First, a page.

*Pro Tip – Some equity release companies won’t charge you an application fee, which helps cut down the set-up costs. So, it’s imperative to compare equity release quotes first to get the best equity release deal. You don’t want to kick yourself later when you realise a better provider with fewer costs involved. You want to make sure you get the best price with the least extra fees and payments.
The Solicitor’s Fees – As part of SHIP rules, you’ll have to consult a legal adviser who’s separate from the mortgage provider. The solicitor will help you understand all the legal requirements of the equity release mortgage. It’s important to remember that solicitor’s fees are unavoidable. Therefore, you’ll benefit from shopping around to find an excellent deal. Find one you can trust and with whom you feel most comfortable.
The main factor you need to consider, however, is the interest rates. In general, interest rates are lower in the current market climate than a few years back. With the increasing popularity of the equity release schemes, mortgage products are becoming more competitive. This, in turn, vastly assists to reduce interest rates. Better yet, you’ll be saving so much money in the long run!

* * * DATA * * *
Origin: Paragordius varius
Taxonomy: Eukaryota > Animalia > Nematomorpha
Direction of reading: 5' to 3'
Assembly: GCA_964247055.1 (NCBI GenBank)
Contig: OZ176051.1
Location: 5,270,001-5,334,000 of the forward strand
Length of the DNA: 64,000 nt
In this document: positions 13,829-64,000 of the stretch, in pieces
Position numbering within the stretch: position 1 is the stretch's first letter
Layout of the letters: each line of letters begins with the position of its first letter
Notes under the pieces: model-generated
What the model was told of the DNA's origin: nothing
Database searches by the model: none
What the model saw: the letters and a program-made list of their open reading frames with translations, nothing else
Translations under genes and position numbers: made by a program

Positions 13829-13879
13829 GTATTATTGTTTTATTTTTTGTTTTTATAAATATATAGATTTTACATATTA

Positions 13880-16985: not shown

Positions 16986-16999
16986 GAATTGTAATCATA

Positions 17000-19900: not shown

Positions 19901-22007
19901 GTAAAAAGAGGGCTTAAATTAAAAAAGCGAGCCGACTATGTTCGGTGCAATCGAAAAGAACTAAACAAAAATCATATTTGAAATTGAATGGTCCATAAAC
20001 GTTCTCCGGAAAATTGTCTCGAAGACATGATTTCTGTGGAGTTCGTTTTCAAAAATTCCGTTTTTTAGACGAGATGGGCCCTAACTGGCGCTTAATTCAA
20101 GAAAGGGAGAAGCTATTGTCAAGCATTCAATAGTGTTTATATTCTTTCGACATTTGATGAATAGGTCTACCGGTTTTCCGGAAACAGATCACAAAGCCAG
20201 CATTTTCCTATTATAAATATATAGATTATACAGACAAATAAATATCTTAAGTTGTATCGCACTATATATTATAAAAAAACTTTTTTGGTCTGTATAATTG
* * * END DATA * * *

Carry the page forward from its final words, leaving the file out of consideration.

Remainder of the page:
Who Can You Turn To?
As per the ERC’s standards, the best person to consult is a financial adviser. Find one that has expertise in equity release plans. They’ll offer you objective and valuable equity release advice on the various mortgage providers and loans.
At the end of the day, it’s easier and more time-effective to be assisted by someone who knows all about equity release plans.